AFMC Command News

Space exhibit touches down at Air Force museum

  • Published
  • By Amy Rollins
  • Skywrighter Staff

WRIGHT-PATTERSON AIR FORCE BASE, Ohio — The newest temporary exhibit at the National Museum of the U.S. Air Force on Wright-Patterson Air Force Base is the stuff of dreams – for children and adults.

The “Space: A Journey to Our Future” exhibit, which opened Jan. 28 and closes Sept. 6, is spread over 10,000 square feet in the museum’s fourth building. Entrance to the museum, as well as the exhibit, is free.

“It’s ready for some amazing visiting opportunities,” said Michael Brimmer, chief of the education division. “So many of our kids are learning science, technology, engineering and mathematics through virtual means or remote learning. Now, there is an opportunity to come and experience it interactively. This exhibit does just that.

“The exhibit takes visitors through the history of space exploration into the future. There are so many examples and interactives multiple generations can learn from. It’s not just entertainment. This is – no kidding – educational information.”

The exhibit supports the very educational standards students receive through their schooling, Brimmer said, with content provided by NASA and the National Science Teachers Association.

Inside the “Space” exhibit are:

  • Space bike where three people at least 48 inches tall can pedal to operate it, learning about physics and how astronauts exercise in space
  • Living habitat and workspace designed for life on Mars
  • Opportunities to touch pieces of the moon and Mars
  • Lunar rover tire and other artifacts
  • About 20 interactive stations, one of which invites visitors to design spacecraft and a Mars colony
  • Up-close views of next-generation space technology
  • Edition of Jules Verne’s “From the Earth to the Moon”

COVID-19 pandemic safety precautions are in place, and the exhibit is cleaned and sanitized throughout each day. Visitors ages three and up are required to wear masks during their visit to the museum. Only 60 people at a time may be in the exhibit.

There is a lot of room for social distancing – the museum has 19 acres under roof.

“It takes about an hour to go through the exhibit, so if there is a line, visitors may enjoy other parts of the museum and then go back to the exhibit,” Brimmer noted.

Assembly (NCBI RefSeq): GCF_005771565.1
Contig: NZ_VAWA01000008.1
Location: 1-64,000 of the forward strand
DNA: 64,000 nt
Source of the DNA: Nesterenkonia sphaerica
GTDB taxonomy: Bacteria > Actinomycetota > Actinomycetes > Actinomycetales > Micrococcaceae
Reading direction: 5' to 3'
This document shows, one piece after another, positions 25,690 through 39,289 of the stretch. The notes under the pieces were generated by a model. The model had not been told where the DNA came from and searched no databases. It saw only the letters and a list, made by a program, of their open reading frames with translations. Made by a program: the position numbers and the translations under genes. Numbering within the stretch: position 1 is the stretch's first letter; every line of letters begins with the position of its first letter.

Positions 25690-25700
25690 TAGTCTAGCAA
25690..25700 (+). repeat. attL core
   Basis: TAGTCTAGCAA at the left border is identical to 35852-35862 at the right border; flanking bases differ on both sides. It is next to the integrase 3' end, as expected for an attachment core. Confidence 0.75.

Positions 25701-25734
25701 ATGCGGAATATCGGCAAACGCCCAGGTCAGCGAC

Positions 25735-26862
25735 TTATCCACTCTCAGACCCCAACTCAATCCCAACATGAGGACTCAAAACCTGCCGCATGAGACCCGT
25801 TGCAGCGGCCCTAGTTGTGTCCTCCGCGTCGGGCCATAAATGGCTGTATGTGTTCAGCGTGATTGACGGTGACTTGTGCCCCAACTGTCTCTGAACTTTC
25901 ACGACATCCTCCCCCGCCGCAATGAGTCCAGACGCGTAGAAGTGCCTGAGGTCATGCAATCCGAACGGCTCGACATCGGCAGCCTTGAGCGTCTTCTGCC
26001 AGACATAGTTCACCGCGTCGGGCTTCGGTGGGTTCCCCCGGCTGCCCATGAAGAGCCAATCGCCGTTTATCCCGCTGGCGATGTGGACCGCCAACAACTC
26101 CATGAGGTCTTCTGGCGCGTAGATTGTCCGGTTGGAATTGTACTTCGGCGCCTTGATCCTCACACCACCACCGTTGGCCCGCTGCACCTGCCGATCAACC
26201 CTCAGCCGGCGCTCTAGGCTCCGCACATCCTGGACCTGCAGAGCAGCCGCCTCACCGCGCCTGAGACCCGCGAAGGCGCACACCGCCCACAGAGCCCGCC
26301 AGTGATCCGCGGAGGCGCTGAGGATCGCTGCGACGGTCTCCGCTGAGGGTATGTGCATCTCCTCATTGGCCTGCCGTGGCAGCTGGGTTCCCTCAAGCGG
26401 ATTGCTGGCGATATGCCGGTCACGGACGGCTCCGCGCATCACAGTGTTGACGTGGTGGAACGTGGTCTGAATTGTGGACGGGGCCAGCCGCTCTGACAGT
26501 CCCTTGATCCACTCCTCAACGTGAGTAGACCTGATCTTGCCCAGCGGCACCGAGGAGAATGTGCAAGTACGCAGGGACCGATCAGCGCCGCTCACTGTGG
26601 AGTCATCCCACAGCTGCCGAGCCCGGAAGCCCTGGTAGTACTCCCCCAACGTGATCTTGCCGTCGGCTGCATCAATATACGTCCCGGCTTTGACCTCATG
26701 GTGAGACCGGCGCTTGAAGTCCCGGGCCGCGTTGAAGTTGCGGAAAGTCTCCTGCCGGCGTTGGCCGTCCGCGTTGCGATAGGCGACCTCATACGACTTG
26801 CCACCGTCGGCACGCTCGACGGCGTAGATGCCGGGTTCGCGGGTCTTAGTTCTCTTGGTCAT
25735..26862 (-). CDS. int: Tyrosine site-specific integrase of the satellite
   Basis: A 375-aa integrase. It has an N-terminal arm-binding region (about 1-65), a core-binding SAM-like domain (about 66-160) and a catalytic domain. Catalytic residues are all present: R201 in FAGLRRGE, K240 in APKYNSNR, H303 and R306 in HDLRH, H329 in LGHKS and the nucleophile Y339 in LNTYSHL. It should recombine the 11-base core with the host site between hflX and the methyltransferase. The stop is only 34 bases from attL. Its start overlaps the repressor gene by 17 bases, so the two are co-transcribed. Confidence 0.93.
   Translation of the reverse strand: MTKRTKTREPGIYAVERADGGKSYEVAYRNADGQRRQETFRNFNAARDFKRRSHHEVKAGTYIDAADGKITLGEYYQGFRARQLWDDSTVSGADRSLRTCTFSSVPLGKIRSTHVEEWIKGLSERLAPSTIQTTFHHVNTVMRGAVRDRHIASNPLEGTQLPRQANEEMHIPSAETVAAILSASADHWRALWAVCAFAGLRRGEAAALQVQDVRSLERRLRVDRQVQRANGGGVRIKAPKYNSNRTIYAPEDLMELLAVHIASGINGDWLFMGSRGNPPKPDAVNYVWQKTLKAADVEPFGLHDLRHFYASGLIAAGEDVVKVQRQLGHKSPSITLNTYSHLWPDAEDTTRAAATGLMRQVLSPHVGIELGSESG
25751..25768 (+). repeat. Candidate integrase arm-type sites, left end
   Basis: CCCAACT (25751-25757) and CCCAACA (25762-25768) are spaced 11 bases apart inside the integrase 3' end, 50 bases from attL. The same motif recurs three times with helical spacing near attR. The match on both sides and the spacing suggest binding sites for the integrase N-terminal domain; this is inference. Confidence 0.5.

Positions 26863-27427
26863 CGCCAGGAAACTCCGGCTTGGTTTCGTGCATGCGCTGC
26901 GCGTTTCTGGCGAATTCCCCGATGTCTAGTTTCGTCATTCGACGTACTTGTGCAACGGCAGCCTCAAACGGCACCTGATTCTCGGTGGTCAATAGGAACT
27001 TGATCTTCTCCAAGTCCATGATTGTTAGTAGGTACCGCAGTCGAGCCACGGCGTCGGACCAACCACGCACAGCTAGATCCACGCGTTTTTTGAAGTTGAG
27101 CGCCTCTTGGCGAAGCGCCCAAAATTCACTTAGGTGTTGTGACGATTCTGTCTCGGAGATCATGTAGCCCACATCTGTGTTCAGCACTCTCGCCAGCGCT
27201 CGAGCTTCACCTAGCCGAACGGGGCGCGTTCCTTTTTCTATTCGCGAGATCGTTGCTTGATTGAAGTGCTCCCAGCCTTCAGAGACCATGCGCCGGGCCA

“That is no problem because there is so much to see. We’re in the fourth building and we’re surrounded by space exhibits, including spacesuits, the Space Shuttle Crew Compartment Trainer, a Titan IVB rocket, capsules from the Mercury, Gemini and Apollo missions, and satellites.”

Some early visitors to the exhibit enjoyed their tour. Kelly Daniel brought her children, Levi and Laney Daniel, and brother, Ben Thomas.

“They are so excited to come to this,” she said. “We do online learning, so this is a really exciting experience for them to be out of the house and we feel very safe.”

David Thomas, NMUSAF special events coordinator, said the exhibit’s large number of interactives is a plus for visitors.

“Here’s a new chance for younger and older visitors to touch and do things, to learn about space, in a very safe way,” he said.

“Space: A Journey to Our Future,” was made possible at the museum with support from the Air Force Museum Foundation and Dayton Aerospace Inc. (Federal endorsement not implied.) It is owned by Evergreen Exhibitions of San Antonio.

“It’s really worth your time to come and let your kids experience it,” Brimmer said. “We like to inspire and educate.

“We hope students want to strive to be that engineer or astronaut or somebody who is going to support the mission.”

To plan your visit

The National Museum of the U.S. Air Force, located on Wright-Patterson Air Force Base, is the world’s largest military aviation museum. With free admission and parking, the museum features more than 350 aerospace vehicles and missiles and thousands of artifacts amid more than 19 acres of indoor exhibit space. Each year more than 800,000 visitors from around the world come to the museum.

For more information, visit